“And besides, you know, I had law enforcement experience,” Jasper said, looking worried. “I just wanted to let you know I’m on your side now.”

“Well, just lie low until Quentin’s gone, okay? I don’t think he’d react to this with my equanimity.”

“Beg pardon?”

“He’d pop a gasket,” Nelson said.

“Oh, uh, sure. Okay.” Jasper Senior scratched his head. “I just wanted to say, you know, if there’s anything I can do for you, just let me know.”

Nelson nodded, then said: “Actually, there is something you can do for me.”

“What?”

“I think I saw somebody on the roof. Can you go check it out?”

—————————————

Somebody on the roof. Jasper Shoemaker Senior wondered if Nelson knew that to get onto the roof you had to climb up a spindly little ladder and then push your way through a stupidly narrow trapdoor. Jasper stood at the base of said ladder and scowled at the underside of said hatch, fifteen feet above, and thought: Of course Nelson knew. He seemed like the type who knew everything. The long-haired rat-bastard was having some fun with him, that was all.

Somebody on the roof. Like shit.

Jasper started to climb. His belly scraped against the rungs as he ascended. He remembered during the interview, they’d tentatively raised the question of his ability to run and climb and engage in strenuous physical activity, and he’d raised the question of weight discrimination, and the issue had never resurfaced. He hadn’t expected to be asked to climb around like a monkey on his first day, for God’s sake. He was going to start going to the gym when he got the time, but no, he couldn’t even get a chance to do that before they started making all kinds of demands on him.

He reached the underside of the hatch and clung there like a barnacle. After resting for a few seconds, he swung the lever around to unlock the door, pushed the hatch open, and proceeded the rest of the way up the ladder onto the hot, pebbly roof. It felt like it was about a million degrees up there, the sun beating straight down on the black tar and the crushed stone until they overflowed with heat and radiated it back. He was getting cooked from two sides as he stood there and looked around for Nelson’s intruder.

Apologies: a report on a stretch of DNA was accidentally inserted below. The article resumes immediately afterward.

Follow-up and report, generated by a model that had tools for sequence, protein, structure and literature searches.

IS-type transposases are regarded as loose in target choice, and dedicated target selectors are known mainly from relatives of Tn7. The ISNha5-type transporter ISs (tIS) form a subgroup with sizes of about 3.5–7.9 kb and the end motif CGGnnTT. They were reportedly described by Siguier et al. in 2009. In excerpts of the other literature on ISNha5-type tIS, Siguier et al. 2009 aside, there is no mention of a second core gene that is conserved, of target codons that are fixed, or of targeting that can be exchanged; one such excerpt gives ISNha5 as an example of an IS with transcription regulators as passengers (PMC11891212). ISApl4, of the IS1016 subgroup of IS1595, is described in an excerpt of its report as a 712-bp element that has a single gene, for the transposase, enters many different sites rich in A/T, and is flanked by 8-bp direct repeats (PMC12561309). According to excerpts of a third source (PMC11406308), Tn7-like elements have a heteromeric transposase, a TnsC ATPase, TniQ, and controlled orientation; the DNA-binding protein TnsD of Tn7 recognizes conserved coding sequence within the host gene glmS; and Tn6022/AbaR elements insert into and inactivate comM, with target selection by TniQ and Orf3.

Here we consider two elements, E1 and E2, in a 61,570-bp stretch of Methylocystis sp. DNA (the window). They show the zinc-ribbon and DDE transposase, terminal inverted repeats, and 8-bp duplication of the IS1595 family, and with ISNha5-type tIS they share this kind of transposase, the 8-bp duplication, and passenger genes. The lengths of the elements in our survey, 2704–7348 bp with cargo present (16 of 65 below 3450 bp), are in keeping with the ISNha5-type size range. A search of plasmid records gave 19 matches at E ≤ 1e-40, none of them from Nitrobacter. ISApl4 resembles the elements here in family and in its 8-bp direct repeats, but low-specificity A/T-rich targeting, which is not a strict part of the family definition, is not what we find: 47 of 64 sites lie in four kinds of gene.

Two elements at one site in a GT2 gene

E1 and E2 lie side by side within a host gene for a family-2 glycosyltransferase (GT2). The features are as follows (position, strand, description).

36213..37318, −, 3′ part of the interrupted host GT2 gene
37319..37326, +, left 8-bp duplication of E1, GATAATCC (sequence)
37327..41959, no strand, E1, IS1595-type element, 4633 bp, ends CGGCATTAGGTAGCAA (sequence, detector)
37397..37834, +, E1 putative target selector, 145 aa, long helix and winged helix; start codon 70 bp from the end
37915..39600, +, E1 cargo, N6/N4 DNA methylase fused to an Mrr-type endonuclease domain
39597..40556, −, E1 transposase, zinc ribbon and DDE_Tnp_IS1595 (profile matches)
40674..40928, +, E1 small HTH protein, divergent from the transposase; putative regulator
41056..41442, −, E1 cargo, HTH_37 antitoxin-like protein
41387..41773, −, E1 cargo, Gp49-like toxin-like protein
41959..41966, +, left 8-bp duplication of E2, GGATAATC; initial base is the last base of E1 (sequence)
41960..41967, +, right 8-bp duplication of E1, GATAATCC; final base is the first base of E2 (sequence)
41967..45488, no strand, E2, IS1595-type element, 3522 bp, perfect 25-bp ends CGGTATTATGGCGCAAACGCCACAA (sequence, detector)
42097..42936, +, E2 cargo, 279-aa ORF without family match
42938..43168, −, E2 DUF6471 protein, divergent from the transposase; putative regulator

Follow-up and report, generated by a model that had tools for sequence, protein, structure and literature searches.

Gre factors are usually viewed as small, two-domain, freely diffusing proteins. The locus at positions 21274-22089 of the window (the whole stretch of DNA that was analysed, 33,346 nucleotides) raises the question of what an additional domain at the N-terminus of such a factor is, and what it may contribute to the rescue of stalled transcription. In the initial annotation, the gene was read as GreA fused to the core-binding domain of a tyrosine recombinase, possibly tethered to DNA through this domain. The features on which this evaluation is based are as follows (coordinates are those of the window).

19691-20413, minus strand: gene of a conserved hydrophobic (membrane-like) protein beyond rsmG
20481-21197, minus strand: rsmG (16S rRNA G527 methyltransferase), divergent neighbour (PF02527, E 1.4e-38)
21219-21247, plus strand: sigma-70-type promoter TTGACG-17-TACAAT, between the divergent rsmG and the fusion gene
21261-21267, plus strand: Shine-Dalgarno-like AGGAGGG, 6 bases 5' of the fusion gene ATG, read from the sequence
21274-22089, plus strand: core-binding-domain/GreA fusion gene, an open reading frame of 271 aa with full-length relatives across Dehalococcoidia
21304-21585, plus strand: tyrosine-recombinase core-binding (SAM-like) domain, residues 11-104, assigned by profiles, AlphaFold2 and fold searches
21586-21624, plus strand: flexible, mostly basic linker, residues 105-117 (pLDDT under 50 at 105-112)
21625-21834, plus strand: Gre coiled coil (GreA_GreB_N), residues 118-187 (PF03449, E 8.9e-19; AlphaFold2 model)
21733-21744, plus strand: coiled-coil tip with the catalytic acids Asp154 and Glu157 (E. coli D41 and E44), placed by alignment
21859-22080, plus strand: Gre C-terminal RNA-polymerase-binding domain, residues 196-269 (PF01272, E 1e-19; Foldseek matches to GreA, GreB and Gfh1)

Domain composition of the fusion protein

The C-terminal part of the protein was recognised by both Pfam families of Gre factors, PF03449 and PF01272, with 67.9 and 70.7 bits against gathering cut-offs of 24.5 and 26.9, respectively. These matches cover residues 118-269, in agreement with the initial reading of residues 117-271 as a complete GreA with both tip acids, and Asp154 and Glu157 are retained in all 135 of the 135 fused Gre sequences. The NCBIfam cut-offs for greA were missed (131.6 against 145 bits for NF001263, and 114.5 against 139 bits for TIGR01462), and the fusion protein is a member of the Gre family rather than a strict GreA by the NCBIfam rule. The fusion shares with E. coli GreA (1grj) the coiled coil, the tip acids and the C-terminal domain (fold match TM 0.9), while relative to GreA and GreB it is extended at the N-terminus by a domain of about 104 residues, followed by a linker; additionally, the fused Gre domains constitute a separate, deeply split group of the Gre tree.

He moved away from the hatch, toward the front of the building, where the facades formed an uneven waist-high wall. The band was playing something that sounded Mexican, even though they were a bunch of pale Caucasians in cheap red suits. He stopped and leaned against the facade, nearly burning his elbows and forearms; he stood back with a yelp and didn’t touch the blazing hot concrete again. He backed up a pace and looked out over the terrace. People were moving along it in both directions, pointing, eating, shopping. The smell of hot dogs made his stomach rumble eagerly; there was a vendor down on the promenade handing them out in paper boats for free, and the vapors from his grill were drifting Jasper’s way. He hoped the guy didn’t run out before he made it down there. The canal was a mass of reflected sun, broken up by a smattering of canoes paddling up and down.

He saw, just for a second, a flicker of green light from beneath the clock tower. Like the other embellishments to the plaza, the tower was a bare network of metal struts and beams at its bottom; it was only solid from the point where it became visible above the facade. Jasper wandered that way, squinting in the light; the sun was right in his face, and he couldn’t see a thing underneath the spire. Grumbling, he headed toward it, just so he could say he had.

He stopped right next to the tower. The cavity underneath it was empty, but someone might have climbed the narrow ladder to get at the workings of the clock. He wasn’t about to do that himself-he didn’t even know if he would fit up there-but he figured he could take a look inside, at least. He bent over and forced himself through the gap in the supports. There was a heavy-duty light switch against the wall of the facade; he fumbled for it with his left hand as he turned his face toward the stifling blackness above.

And saw two greenish disks looking down at him. Eyes, big as oranges, reflecting what little light made it into the upper reaches of the tower.

Jasper forgot all about the light switch. He started to squeal, tried to fling himself backwards, through the supports; but before he could shove himself between them, a chunk of the darkness dropped onto him. Stiff feathers scraped his face and cheeks; talons the size of arrowheads dug into his chest, right through his ribs.

The squeal died in his throat as air farted out of his punctured lungs.

Down below, the band started a crescendo.